Will the HRIA be balanced and fair? Part 4: Human Rights Impact Assessment of Baffinland's Mary River Project

Will the HRIA be balanced and fair? Part 4: Human Rights Impact Assessment (HRIA) of Baffinland's Mary River Project, May 17, 2012 (Download complete PDF at left)
The HRIA seeks to provide independent, balanced, credible and constructive information for all stakeholders. All persons that will contribute to the implementation of the HRIA agree to respect the following ethical and professional principles while implementing the HRIA:
1) Principle of Transparency
We will provide stakeholders with relevant, adequate and reliable information about the objectives, methodology and activities of the HRIA on an on-going basis through a dedicated webpage and local radio programming. The HRIA’s findings and conclusions will be made available in a printed report and in digital video format. Special efforts will be undertaken to ensure that the HRIA is appropriately translated, communicated to and understood by the Inuit communities in the area of influence of the Mary River project.
2) Principle of Independence and Balance
In the conduct of the HRIA and our research and analysis, we will be independent of government, political, business or other interests. The HRIA team will be solely responsible for the methodology, findings and conclusions of the assessment.
We will seek to engage with the full range of stakeholders of the Mary River project in order to elicit diverse opinions, concerns and expectations for the assessment—including from both proponents and opponents of the project. We recognize the right to fair, equal and respectful treatment of all stakeholders regardless of their positions and/or decision to participate in the HRIA.
We will maintain a balanced approach to potential positive and negative impacts in our information gathering, interviews, analysis, recommendations and reporting.
3) Principle of Inclusion and Non-discrimination
In addition to actively seeking the participation of the full range of stakeholders, we will ensure that the process is open to any individuals or groups that self-identify as stakeholders and wish to communicate their concerns and expectations.

 

 

 

 

 

 

 

 

 

 

 

 

 

 

 

 

 

 

 

 

 

 

 

 

 

 

 

We seek to encourage diversity, and will be impartial and non-discriminatory in our assessment. In particular, we will promote gender equality and balance and will respect Inuit culture and custom, including their oral traditions, throughout the HRIA process.
4) Principle of Informed Consent and Confidentiality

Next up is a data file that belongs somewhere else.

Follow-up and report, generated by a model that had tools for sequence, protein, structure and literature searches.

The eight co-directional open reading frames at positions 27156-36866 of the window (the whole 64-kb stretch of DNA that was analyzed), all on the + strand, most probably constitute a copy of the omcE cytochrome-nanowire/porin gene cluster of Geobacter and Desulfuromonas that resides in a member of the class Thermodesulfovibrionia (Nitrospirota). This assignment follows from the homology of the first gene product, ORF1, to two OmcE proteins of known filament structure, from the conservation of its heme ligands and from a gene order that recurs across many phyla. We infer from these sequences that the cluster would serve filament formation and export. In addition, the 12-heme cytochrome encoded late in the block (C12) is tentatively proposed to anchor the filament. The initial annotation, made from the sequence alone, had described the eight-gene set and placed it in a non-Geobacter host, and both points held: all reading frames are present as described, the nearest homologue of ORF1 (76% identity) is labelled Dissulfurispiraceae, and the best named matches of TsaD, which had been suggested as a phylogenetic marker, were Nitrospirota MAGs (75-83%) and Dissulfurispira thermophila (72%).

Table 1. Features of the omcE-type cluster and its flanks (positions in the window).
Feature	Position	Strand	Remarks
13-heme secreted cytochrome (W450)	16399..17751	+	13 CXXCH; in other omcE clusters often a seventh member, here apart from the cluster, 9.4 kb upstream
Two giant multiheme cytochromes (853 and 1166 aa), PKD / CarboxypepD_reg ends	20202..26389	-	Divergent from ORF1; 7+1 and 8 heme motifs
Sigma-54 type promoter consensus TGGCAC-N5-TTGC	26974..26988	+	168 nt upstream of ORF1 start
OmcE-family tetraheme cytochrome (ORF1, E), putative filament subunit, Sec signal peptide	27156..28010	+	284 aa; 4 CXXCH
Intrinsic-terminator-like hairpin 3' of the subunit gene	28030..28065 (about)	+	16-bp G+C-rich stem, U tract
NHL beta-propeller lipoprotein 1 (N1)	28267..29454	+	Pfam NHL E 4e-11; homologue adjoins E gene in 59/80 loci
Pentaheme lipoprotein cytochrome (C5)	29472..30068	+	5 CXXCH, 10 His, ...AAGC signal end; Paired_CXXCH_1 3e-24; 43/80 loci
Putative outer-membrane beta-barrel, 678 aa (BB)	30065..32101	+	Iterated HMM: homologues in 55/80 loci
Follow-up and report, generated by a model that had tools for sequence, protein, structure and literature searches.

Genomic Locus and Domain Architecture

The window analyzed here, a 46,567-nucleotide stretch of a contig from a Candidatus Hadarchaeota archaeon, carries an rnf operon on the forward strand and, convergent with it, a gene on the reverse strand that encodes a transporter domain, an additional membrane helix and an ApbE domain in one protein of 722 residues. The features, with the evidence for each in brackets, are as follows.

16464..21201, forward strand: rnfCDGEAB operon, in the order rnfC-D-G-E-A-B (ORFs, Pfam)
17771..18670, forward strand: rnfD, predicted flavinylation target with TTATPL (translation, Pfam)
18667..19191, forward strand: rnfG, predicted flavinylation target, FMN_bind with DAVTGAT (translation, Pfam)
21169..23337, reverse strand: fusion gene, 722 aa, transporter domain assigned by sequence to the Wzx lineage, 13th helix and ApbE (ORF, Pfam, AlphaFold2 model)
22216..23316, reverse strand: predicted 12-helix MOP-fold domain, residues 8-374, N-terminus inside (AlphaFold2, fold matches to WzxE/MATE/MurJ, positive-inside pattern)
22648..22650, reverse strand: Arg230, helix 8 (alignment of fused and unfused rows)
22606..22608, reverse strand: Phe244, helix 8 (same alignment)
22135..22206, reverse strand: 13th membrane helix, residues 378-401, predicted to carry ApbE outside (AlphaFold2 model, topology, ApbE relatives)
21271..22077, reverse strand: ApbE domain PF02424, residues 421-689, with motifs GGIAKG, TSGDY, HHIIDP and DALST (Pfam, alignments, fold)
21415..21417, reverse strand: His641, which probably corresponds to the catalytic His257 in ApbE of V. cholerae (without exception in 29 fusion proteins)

We will provide full and accurate information about the HRIA process, in advance, to all individuals, groups, organizations and/or institutions to be interviewed so that they are able to make an informed decision concerning their participation, or not, in the assessment. We respect the right of individual or groups approached by us to decide voluntarily to participate or not in the assessment without fear of negative consequences or repercussions.
We will obtain the informed consent of all participants who agree to have their interviews filmed. Participants will also be provided with the option of being interviewed without being filmed. We will fully respect any requests for anonymity and confidentiality in the treatment of information and opinions shared by all participants.
5) Principle of Professionalism and Accuracy
We will conduct our professional activities with integrity, honesty, and will make every effort for our assessment to be free from misrepresentation or deliberate bias. We will adhere to the highest standards of accuracy and honesty in presenting, interpreting and referencing data and research.
6) Principle of Respect for Universal Principles
We will promote the international and national laws and principles with respect to human rights as the normative foundation of the HRIA. Where such laws do not exist or are not fully implemented, we will highlight these gaps. In the conduct of the HRIA, we will respect the equal rights and dignity of all human beings.

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26 mai 2012

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    • What standards and criteria will the HRIA apply? Part 3: Human Rights Impact Assessment of Baffinland's Mary River Project

      uploaded by: Lloyd Lipsett

      chaîne: Lloyd Lipsett Human Rights